Skip to comments.Knife vs Gun - Revisit the 21 Foot Rule
Posted on 02/27/2019 12:26:26 AM PST by w1n1
The 21 foot rule drill is well known within the law enforcement and personal defense circle.
The Tueller drill is all about "reactionary gap" through training. Other trainers have come up with the distances associated it to the Tueller drill. This experimentation, determined that the average healthy adult male can cover a distance of seven yards (21 feet) in about 1.5 seconds.
The significance of the time factor is based on the reasonable standard that a person whos trained in proper pistol craft (gun fighting) should be able to draw a handgun and place two centered hits on a life-size silhouette at seven yards in about 1.5 seconds.
According to Force Science Research Center the old way of training was to stop the scenario when the defender gets off the first shot at the perpetrator. This type of training and mentality of bang youre dead leads to a false sense of safety, this is a "training scar". A training scar is a negative trait thats come as a result of bad training practices.
Another training scar that is common in shooting is how we are all conditioned to stand on the firing line and shoot at a static target. For this reason, most Law Enforcement Officers and civilian gun owners step in concrete the minute their gun leaves the holster.
Alternative Solutions Force Science Research Center provides an alternative way is to turn the Tueller concept into an actual drill as a force on force exercise. Basically, the drill extends to another 10-15 seconds, rather than stopping on the first bang youre dead. We have to get rid of the "Bang! You're dead" mentality. This gives the participants a chance to utilize any tactics (techniques) to survive. Read the rest of knife vs gun.
In a game of rock, paper, scissors, the gun always wins.
Great thoughts and ideas. I find the threat assessment time is critical. If the advasary says he will stab, shoot, beat(as in with an object), you better get activated. Believe the threat, draw your weapon and prepare to shoot and move. I cant get it done in 1.5 seconds on a spur of moment deal. Im getting the old. Playing fair and hollering draw is BS. You have to win, you dont get do overs. USCCA had an article on the aftermath of a self-defense incident. The mental part is daunting, but you have to survive to learn to live with your actions. Can and will you shoot? The issue is very complex. The more I study and practice the more I find I dont know enough.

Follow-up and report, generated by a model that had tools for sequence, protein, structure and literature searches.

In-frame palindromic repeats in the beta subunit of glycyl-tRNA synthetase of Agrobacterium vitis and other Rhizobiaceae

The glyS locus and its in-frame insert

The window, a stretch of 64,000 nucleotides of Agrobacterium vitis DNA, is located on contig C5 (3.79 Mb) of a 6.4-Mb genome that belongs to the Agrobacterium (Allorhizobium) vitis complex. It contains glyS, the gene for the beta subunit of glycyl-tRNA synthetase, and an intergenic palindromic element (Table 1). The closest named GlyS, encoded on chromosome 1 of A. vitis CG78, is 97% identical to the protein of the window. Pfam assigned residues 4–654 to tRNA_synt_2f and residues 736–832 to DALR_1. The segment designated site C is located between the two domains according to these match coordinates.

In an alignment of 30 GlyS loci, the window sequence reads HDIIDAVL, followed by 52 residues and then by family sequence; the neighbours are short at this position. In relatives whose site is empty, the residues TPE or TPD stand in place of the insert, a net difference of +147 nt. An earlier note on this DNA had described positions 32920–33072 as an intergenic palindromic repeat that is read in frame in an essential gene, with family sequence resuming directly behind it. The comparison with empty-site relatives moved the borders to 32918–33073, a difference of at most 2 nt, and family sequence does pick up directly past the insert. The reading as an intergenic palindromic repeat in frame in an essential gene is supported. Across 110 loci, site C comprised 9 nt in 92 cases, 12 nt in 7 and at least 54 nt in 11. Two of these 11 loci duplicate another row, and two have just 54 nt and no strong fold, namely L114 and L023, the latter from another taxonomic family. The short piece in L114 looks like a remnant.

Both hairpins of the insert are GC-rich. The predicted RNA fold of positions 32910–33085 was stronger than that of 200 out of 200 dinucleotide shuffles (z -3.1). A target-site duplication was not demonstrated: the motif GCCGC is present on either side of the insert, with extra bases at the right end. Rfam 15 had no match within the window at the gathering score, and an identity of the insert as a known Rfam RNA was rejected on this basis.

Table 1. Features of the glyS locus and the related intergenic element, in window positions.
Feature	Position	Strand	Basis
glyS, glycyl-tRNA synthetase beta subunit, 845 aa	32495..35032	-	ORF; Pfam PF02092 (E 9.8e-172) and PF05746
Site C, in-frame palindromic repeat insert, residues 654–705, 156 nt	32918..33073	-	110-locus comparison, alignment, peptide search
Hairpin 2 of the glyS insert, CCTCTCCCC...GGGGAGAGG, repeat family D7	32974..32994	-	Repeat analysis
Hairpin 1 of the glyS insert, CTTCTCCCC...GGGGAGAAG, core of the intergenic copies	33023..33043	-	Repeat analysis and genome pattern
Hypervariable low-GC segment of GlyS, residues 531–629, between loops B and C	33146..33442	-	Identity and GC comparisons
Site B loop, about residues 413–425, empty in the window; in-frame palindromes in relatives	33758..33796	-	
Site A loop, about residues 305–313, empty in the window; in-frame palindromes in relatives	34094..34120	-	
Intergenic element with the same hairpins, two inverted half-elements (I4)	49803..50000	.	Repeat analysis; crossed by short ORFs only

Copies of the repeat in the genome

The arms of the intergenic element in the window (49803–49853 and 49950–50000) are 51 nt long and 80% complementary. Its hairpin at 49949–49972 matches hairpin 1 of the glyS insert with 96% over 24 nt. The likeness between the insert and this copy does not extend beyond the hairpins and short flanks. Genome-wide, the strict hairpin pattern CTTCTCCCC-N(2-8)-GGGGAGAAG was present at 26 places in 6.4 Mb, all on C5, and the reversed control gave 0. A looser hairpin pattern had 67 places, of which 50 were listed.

If the suspicious person is 21 feet away, I’m more worried about him suddenly producing a weapon and firing rather than charging. But in either case every foot further away is a benefit. At 21 yards he is likely to miss if he fires quickly but at 21 feet the sucker punch (pistol shot) is likely to hit home.
A Simple Way to Remember Who Wins
Scissors cuts paper.
Paper covers rock.
Rock crushes lizard.
Lizard poisons Spock.
Spock smashes scissors.
Scissors decapitates lizard.
Lizard eats paper.
Paper disproves Spock.
Spock vaporizes rock.
Rock crushes scissors.
In the video where he uses the car as a shield. He’s lucky the bad guy didn’t have a gun and shoot him in the back as he turned his back on the bad guy.
Yes. I just read an article the other day in which a self defense expert said that the common wisdom of training that says don’t pull your gun unless you intend to shoot is wrong. He said that pulling your gun is an act of deterrence that works. The trick is that the shooter has to assess a imminent threat that is explainable to the cops.
In SC, there is a law against brandishing a weapon. Obviously there is a difference between waving a gun around and a deterrent draw but as the first words out of my NRA instructor’s mouth was, you ain’t shooting bullets, you’re shooting lawyers.
All that being said, I’ll opt for staying alive if God forbid I find myself backed into a wall.
There should be a 21 foot rule for ASJ. The writing is horrendous.
If this is your website, please get some human or software editorial help.
Not a lot of good choices.
Canada Bill Jones’ law:
A smith and wesson beats four aces.
When I play that with someone, I call “Dynamite” and blow-up any hand he shows, I always win. lol.
“Bang, you’re dead” does not work.
You shoot a VC and approach his body and just like that, he’s shooting at you.
Dead guys sometimes shoot back.
“There should be a 21 foot rule for ASJ. The writing is horrendous.”
ASJ is gun talk by and for gun guys. Yes the writing is pretty bad sometimes, but the content is by and for gun guys.
Maybe instead of complaining, you might volunteer to offer to proofread for them.
Its just a step to the left.
And a jump to the right.
Put your hand on your hips.
Put the punk it your sights.
The problem with this video is that the “cop” knows the “criminal” will charge, and that the gun is already drawn. In real life you don’t know what is going to happen. Your reaction time alone will be 0.5-0.75 seconds and drawing the gun will add another second at least before you get an aimed shot off. Even if you get the shot off and hit the assailant in a vital spot, it won’t necessarily stop him before you get cut up.
Given this information (thought it was 25 feet), the attackee should retreat until ready to defend. Perhaps picking up 1-2 seconds more.
I know they are by and for gun guys (thats why I read them, Firearm News, American Rifleman, Matt Bracken, John Ross, Massad Ayoob, etc)
But that doesn’t mean they have to intentionally not have an editor, proof reader / use SW to fix their grammar.
If it doesn’t bother you but bothers me (and others here who have complained), thats what makes for horse races....( : >)
As for volutneering, I didn’t know they were not for profit. Looks like they have regional staff, and take a LOT of advertising:
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